Architecture is the prominent representation of the Hopewell culture. Earthworks and burial mounds which were used for a multitude of ceremonies such as religious practices and funerals were discovered intact throughout the Midwestern region; these mounds provide insight to this relatively unknown lifestyle. There was a variety of earthworks created that ranged from geometric complexes, hilltop enclosures, and conical mounds which could be found around fertile rivers or stream valleys. Many of them, considered to be used for burial purposes, were filled with a varied amount of exotic goods which demonstrated a possible hierarchical system within the community. The most prominent example of Hopewell burial mounds can be found in Chillicothe, Ohio at the Mound City Group. Ohio is considered to be the epicenter for the most impressive Hopewell earthworks.
Around 400 A.D Hopewell culture began to decline for an unknown reason. The prediction is that there was a cultural collapse within the communities as the succeeding settlements showed signs of a lifestyle switch to larger, permanent, more isolated societies. Also, the introduction of the bow and arrow made for a shift in hunting, gathering, and war which may have forced Hopewell societies to become more secluded for survival. Mounds became less prominent and the trading routes diminished but the legacy of the Hopewell people can still be viewed today.
- Adena Culture
- Flint Ridge
- Ohio's Prehistoric Timeline
- Woodland Animal Effigy Pipes
- Hopewell Shaman
- Fort Ancient Earthworks
- Newark Earthworks
- Hopewell Mound Group
- Late Woodland Cultures
- Marietta Earthworks
- Mound City Group
- Portsmouth Earthworks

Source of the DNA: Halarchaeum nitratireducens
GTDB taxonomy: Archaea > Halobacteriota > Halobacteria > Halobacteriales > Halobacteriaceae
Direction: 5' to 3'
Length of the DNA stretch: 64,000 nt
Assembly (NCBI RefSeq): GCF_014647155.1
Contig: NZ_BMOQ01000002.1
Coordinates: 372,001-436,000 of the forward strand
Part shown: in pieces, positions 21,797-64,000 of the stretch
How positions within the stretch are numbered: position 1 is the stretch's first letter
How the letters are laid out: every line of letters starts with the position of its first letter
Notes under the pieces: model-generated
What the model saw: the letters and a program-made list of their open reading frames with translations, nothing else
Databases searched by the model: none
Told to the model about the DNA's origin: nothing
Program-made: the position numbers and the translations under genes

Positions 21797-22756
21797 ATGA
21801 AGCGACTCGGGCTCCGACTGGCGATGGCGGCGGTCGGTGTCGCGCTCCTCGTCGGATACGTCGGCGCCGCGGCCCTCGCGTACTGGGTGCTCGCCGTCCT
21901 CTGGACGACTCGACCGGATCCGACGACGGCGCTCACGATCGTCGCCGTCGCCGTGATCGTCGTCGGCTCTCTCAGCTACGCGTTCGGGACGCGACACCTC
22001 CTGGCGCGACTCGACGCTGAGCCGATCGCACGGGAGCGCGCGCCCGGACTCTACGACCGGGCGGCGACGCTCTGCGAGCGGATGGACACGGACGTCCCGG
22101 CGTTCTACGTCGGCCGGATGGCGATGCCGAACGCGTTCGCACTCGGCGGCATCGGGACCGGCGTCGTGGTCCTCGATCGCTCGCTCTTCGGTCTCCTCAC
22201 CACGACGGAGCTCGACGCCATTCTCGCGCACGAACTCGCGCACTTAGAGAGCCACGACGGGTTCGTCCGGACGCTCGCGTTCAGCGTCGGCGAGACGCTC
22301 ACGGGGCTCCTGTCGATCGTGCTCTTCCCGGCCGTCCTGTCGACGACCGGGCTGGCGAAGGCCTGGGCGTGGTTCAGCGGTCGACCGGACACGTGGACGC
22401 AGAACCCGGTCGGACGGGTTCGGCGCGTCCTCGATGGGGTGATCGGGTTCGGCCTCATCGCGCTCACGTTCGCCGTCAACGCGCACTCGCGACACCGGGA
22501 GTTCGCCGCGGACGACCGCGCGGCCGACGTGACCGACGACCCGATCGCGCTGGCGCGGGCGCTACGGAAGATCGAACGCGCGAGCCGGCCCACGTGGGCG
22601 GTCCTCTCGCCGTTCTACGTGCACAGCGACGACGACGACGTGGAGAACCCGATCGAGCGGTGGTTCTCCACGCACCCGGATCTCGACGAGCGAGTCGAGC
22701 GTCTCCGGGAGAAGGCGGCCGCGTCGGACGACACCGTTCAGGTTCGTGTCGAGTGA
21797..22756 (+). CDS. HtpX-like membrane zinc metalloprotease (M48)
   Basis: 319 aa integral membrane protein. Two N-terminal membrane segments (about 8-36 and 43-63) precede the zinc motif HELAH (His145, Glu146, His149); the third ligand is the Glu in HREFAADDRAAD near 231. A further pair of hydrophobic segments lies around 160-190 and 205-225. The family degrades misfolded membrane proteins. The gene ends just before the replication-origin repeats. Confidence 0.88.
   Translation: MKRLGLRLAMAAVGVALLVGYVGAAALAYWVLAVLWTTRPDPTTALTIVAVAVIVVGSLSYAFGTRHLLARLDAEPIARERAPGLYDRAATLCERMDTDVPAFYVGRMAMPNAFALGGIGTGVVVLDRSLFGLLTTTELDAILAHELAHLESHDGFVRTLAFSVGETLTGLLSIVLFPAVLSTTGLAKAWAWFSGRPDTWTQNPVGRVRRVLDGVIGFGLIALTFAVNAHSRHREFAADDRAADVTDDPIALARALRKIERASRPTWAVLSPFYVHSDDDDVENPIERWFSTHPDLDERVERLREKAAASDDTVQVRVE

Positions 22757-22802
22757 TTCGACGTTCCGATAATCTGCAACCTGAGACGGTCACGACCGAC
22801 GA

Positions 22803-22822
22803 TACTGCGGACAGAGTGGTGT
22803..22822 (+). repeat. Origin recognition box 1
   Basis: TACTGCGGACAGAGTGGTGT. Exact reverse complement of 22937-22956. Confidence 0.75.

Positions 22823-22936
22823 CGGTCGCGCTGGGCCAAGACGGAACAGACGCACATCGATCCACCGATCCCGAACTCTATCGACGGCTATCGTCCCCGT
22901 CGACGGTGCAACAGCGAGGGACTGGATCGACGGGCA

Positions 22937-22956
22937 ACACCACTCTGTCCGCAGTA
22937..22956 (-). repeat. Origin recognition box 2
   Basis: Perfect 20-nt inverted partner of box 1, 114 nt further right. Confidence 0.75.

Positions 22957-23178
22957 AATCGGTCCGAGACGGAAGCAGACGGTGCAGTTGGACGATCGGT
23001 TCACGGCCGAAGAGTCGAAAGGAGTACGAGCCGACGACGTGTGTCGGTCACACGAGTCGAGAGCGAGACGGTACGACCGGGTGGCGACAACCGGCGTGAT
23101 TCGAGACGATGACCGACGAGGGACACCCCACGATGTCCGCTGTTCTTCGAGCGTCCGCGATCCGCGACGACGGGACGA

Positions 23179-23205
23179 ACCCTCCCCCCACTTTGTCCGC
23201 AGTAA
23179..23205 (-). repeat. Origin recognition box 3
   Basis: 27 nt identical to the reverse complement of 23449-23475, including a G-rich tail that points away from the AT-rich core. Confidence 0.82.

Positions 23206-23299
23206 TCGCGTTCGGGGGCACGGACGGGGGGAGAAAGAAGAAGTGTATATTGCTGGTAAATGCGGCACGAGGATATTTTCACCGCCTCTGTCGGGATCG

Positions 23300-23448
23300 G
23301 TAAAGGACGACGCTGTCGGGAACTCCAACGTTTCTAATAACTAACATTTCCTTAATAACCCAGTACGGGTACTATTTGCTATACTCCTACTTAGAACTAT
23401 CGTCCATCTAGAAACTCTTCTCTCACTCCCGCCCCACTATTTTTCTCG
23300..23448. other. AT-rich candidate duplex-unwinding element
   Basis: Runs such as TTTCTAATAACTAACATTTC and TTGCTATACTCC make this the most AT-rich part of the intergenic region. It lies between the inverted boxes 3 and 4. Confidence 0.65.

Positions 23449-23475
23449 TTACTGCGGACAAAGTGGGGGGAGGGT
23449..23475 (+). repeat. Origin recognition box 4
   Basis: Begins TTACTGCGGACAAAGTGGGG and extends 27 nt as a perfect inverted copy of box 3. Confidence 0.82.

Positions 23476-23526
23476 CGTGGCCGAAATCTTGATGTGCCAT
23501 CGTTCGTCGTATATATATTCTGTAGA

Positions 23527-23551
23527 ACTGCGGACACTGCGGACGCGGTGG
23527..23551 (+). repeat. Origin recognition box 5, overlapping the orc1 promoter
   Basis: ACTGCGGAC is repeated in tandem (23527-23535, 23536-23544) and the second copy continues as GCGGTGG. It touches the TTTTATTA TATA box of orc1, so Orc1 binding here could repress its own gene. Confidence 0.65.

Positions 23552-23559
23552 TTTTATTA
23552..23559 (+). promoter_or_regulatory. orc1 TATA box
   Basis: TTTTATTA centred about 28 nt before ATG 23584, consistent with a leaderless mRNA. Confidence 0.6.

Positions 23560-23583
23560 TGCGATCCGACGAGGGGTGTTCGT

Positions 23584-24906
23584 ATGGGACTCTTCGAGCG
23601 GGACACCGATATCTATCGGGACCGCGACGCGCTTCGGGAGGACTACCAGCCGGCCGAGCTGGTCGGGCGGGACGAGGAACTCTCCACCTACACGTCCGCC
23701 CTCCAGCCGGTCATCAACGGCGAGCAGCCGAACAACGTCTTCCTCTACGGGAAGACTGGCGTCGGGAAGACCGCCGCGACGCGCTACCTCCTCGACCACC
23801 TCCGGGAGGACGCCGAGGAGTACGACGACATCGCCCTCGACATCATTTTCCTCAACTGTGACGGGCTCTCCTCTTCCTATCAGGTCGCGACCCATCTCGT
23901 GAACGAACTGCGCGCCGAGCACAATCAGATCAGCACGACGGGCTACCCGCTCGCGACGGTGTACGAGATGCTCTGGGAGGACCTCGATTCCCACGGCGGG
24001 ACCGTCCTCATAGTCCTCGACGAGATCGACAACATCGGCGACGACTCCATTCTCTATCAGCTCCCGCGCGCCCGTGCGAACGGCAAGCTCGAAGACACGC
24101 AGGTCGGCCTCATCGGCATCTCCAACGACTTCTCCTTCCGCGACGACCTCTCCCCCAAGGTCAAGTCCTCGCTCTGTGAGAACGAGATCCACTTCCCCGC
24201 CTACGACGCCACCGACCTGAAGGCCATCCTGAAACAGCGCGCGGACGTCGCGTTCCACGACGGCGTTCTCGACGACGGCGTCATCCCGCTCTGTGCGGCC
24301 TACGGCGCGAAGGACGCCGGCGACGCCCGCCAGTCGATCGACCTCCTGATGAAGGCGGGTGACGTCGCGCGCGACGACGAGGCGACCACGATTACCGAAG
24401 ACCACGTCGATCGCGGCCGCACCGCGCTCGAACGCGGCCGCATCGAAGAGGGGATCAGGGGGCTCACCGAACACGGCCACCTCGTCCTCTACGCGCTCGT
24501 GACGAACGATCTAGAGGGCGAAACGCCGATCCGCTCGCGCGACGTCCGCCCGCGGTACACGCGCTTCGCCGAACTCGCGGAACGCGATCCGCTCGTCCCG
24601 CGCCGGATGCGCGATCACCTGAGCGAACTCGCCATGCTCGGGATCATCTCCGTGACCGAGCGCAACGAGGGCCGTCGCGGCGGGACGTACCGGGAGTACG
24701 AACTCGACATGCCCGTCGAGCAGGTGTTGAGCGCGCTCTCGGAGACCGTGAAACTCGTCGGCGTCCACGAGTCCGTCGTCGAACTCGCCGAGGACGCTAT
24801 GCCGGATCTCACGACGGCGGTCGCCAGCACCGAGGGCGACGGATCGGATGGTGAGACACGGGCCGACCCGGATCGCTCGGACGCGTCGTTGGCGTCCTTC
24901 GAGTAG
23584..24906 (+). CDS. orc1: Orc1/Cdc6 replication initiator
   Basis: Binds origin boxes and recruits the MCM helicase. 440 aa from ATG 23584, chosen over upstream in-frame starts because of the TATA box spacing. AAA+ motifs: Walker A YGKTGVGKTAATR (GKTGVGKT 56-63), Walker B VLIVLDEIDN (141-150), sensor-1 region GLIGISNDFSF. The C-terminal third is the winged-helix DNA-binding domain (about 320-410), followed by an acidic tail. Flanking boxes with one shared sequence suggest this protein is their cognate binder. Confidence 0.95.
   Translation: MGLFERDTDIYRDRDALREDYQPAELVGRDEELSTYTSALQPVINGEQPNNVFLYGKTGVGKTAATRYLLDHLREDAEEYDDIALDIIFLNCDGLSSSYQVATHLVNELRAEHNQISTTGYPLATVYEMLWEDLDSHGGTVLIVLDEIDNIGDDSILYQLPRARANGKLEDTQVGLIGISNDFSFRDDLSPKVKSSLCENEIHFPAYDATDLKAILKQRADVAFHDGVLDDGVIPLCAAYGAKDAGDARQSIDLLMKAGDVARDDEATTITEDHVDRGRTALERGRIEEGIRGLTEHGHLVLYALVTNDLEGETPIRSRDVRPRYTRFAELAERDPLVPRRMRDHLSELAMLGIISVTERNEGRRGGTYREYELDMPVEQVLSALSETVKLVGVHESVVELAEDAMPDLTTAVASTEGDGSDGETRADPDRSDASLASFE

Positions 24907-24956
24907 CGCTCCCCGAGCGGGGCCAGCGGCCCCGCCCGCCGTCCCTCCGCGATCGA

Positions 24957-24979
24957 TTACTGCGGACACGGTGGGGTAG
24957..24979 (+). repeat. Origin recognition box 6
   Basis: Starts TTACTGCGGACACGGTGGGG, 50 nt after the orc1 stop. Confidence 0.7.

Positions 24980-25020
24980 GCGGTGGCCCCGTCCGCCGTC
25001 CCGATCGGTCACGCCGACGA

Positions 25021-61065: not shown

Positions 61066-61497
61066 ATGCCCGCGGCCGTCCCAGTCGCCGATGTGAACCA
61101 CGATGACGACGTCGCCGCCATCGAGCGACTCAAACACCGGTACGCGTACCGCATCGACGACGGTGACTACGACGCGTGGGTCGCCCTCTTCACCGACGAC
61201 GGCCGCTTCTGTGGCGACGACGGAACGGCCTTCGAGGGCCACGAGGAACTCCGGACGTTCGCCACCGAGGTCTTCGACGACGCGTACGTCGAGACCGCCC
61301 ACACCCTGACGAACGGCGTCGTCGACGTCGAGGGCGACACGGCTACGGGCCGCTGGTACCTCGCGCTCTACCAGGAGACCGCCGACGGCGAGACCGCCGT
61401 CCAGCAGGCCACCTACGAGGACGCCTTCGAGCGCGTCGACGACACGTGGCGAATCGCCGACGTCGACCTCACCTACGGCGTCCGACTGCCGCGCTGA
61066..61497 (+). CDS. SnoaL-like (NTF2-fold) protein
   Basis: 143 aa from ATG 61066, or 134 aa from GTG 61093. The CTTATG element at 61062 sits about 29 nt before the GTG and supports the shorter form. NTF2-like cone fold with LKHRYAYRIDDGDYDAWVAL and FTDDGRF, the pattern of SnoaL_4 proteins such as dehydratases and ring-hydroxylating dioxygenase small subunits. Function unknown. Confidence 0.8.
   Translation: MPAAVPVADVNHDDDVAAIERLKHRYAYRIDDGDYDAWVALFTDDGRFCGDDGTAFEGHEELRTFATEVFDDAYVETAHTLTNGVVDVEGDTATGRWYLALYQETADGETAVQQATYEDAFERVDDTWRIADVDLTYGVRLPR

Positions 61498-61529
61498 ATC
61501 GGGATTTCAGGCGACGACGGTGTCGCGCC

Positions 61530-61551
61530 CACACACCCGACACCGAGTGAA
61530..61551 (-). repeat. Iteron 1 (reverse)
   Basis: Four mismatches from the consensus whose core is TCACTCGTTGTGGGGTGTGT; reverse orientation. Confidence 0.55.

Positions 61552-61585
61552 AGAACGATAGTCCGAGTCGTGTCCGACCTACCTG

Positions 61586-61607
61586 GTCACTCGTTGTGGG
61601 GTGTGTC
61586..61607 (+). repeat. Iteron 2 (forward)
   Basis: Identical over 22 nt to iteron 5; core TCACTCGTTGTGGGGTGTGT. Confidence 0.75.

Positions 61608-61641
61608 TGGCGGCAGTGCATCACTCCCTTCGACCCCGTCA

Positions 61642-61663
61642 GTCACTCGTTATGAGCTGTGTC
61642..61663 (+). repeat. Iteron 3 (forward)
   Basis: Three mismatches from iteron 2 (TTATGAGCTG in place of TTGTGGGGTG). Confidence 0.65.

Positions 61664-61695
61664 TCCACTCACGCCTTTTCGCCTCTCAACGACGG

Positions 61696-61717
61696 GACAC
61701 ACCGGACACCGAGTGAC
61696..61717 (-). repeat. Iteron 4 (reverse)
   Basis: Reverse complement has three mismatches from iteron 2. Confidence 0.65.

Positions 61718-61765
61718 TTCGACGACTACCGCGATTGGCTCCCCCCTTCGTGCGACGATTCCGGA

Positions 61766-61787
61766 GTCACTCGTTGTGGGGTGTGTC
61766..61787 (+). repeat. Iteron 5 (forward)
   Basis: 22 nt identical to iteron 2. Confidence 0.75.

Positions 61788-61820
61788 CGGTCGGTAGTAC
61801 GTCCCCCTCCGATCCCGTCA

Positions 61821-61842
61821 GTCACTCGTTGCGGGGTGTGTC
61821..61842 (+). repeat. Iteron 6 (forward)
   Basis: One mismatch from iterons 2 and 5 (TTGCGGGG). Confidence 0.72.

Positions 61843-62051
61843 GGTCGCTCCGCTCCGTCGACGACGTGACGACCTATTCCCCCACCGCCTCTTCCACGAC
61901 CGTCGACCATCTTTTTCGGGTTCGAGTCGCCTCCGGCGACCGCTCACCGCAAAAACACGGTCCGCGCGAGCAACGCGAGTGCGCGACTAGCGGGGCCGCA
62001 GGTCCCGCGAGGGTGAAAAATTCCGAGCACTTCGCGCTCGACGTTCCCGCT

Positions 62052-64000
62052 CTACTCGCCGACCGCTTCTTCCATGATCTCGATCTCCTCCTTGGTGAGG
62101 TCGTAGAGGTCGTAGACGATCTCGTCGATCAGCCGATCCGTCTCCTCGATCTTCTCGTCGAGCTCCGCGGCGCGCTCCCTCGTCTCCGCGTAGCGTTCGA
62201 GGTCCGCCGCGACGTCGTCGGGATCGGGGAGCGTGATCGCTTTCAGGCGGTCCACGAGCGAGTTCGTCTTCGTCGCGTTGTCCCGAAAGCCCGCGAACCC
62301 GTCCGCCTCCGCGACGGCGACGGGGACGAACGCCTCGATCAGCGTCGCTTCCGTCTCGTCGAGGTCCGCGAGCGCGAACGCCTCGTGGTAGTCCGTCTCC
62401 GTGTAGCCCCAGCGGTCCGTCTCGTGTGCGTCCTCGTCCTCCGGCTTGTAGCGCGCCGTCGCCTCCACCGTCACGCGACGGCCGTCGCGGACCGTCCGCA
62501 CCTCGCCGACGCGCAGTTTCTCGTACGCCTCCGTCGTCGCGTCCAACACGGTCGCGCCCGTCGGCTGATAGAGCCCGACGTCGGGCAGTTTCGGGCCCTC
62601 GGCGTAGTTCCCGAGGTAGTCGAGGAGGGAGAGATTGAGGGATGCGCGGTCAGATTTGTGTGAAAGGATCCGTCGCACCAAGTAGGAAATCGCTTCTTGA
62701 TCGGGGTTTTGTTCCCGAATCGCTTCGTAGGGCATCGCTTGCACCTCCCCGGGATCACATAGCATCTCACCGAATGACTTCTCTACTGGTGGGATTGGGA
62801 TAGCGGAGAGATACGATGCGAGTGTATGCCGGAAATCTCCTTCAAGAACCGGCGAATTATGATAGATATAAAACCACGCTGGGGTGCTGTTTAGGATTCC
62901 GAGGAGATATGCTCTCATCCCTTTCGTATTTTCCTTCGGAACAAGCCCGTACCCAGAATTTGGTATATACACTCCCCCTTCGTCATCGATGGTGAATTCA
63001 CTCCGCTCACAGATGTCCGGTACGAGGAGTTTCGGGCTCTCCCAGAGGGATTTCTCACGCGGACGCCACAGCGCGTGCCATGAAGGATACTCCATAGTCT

- Seip Mound and Earthworks
- Tremper Mound and Earthworks
- Turner Earthworks
- [Middle Woodland/Hopewell]
- [Virtual First Ohioans: the Hopewell Culture]
- [Hopewell Culture National Monument]
- Lepper, Bradley T. Ohio Archaeology: An Illustrated Chronicle of Ohio's Ancient American Indian Cultures. Wilmington, Ohio, Orange Frazer Press, 2005.
- Byers, A. Martin. The Ohio Hopewell Episode: Paradigm Lost and Paradigm Gained. Akron, OH: University of Akron Press, 2004.
- Carr, Christopher, and D. Troy Case, eds. Gathering Hopewell: Society, Ritual, and Ritual Interaction. New York, NY: Kluwer Academic/Plenum Publishers, 2005.
- Dancey, William S., and Paul J. Pacheco. Ohio Hopewell Community Organization. Kent State University Press, 1997.
- Earthworks Virtual Explorations of Ancient Newark, Ohio. The Center for the Electronic Reconstruction of Historical and Archaeological Sites. Cincinnati, OH: Center for the Electronic Reconstruction of Historical and Archaeological Sites, 2005.
- Woodward, Susan L., and Jerry N. McDonald. Indian Mounds of the Middle Ohio Valley: A Guide to Mounds and Earthworks of the Adena, Hopewell, Cole, and Fort Ancient People. Lincoln: The University of Nebraska Press, 2002.
- Charles, Douglas K. and Jane E. Buikstra, editors, Recreating Hopewell. Gainesville, University Press of Florida, 2006.